Analysis of developmental processes possibly related to human dental sexual dimorphism in permanent and deciduous canines.
M. Moss (1977)
10.1387/ijdb.7848830
Evidence for the role of the enamel knot as a control center in mammalian tooth cusp formation: non-dividing cells express growth stimulating Fgf-4 gene.
J. Jernvall (1994)
An odontometrical study on the Norwegian Lapps
R. SELMER-OLSEN (1949)
10.1259/dmfr.23.3.7835519
Sexual dimorphism in mesiodistal dentin and enamel thickness.
J. Stroud (1994)
10.1080/03014469000001292
Measurement error in human dental mensuration.
J. Kieser (1990)
Transducer caliper with readout capability for odontometry.
StanleyM. Garn (1967)
10.1043/0003-3219(1998)068<0141:ETOTPD>2.3.CO;2
Enamel thickness of the posterior dentition: its implications for nonextraction treatment.
J. Stroud (1998)
Les caracteres simians de la mâchoire de la Naulette
P Topinard (1886)
10.1111/j.1525-142X.2004.04002.x
How different types of pattern formation mechanisms affect the evolution of form and development
I. Salazar-Ciudad (2004)
Ethnic differences in the apportionment of tooth sizes
MA Kelley (1991)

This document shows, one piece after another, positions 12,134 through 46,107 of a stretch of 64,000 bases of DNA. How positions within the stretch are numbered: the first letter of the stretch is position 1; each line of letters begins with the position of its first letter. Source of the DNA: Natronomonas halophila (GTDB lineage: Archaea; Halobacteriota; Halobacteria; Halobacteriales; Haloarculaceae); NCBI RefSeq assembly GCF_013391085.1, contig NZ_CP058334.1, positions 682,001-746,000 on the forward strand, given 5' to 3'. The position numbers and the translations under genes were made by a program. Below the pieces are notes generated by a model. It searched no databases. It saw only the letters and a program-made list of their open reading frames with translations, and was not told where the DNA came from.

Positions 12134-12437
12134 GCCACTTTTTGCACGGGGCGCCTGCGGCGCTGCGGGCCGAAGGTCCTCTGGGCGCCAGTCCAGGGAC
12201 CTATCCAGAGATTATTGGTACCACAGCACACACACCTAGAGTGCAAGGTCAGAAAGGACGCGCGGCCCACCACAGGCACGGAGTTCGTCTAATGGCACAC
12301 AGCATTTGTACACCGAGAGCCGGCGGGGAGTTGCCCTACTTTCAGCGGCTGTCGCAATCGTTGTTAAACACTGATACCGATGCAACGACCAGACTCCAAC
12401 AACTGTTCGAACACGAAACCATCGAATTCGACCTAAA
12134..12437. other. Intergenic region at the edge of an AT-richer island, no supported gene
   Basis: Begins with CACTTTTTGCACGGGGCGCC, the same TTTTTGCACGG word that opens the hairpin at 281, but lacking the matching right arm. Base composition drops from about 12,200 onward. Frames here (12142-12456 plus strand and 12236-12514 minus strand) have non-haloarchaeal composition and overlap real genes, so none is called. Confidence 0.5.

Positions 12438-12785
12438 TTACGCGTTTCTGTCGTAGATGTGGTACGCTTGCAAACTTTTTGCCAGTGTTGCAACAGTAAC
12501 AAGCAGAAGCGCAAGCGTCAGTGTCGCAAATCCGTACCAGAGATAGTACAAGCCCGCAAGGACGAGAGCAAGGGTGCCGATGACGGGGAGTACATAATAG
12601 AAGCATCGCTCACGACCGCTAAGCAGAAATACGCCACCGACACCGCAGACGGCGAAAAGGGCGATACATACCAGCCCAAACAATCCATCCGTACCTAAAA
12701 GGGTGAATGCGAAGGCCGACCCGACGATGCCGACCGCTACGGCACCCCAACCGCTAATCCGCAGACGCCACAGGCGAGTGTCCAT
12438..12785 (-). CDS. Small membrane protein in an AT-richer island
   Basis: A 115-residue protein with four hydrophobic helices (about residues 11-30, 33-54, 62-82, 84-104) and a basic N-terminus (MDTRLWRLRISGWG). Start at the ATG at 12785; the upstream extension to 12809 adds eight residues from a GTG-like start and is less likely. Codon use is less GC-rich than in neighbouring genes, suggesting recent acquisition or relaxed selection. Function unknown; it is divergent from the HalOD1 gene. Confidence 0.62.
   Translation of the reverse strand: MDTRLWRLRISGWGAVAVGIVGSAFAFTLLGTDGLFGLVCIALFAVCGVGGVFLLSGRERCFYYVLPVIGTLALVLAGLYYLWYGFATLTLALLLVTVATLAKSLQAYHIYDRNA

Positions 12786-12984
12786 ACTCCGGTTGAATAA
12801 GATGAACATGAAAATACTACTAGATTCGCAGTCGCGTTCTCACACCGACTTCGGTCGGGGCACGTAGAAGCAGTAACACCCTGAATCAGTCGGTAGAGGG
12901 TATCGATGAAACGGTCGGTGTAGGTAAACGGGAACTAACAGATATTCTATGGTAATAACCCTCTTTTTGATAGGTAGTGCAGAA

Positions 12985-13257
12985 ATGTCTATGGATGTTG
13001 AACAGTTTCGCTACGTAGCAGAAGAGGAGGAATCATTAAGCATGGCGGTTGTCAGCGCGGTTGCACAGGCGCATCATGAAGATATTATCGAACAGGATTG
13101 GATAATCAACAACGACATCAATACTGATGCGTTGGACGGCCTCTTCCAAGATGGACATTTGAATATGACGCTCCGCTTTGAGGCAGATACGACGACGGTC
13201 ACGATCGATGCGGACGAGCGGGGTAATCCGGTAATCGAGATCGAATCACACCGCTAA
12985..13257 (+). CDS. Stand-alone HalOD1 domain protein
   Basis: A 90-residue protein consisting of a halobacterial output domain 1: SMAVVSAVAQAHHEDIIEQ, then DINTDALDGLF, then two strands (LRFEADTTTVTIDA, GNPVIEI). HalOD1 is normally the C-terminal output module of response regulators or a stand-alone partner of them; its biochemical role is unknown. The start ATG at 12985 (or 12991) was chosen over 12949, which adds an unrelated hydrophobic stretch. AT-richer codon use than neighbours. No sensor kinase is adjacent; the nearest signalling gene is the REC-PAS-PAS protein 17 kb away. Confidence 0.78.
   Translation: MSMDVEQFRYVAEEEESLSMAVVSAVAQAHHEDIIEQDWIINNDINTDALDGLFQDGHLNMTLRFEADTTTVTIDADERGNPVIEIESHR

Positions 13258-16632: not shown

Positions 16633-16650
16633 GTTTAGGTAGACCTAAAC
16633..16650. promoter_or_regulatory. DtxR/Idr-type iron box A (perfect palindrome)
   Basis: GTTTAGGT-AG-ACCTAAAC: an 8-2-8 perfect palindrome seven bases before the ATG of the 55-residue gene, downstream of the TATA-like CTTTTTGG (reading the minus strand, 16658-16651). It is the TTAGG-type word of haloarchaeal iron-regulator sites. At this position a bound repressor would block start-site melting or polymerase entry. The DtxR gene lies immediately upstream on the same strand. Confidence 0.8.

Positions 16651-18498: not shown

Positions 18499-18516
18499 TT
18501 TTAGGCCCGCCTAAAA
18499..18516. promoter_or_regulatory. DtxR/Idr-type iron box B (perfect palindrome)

10.1016/B978-0-08-009823-4.50012-4
DENTAL MEASUREMENT: AN ASSESSMENT OF ITS VALUE IN ANTHROPOLOGICAL STUDIES
D. H. Goose (1963)
10.1002/ajpa.1330910404
Ratios as a size adjustment in morphometrics.
G. H. Albrecht (1993)
[Dental morphology].
T. Ozaki (1986)
Genetics of tooth development
SM Garn (1977)
10.1177/00220345720510030501
Univariate Versus Multivariate Differences in Tooth Size According to Sex
Rosario H. Yap Potter (1972)
10.1043/0003-3219(1970)040<0051:TGATPO>2.0.CO;2
The gradient and the pattern of crown-size reduction in simple hypodontia.
S. Garn (1970)
10.1177/00220345660450064301
Sexual Dimorphism in the Buccolingual Tooth Diameter
S. Garn (1966)
10.1101/SQB.1997.062.01.032
The enamel knot: a putative signaling center regulating tooth development.
I. Thesleff (1997)
10.1002/ajpa.1330790309
Allocation and discrimination based on human odontometric data.
J. Kieser (1989)
10.1016/0003-9969(79)90026-8
Molar cusp-size variability in relation to odontogenesis in hominoid primates.
R. Corruccini (1979)
10.1177/00220345670460066501
Shape Similarities Throughout the Dentition
S. Garn (1967)



Semantic Scholar Logo Some data provided by SemanticScholar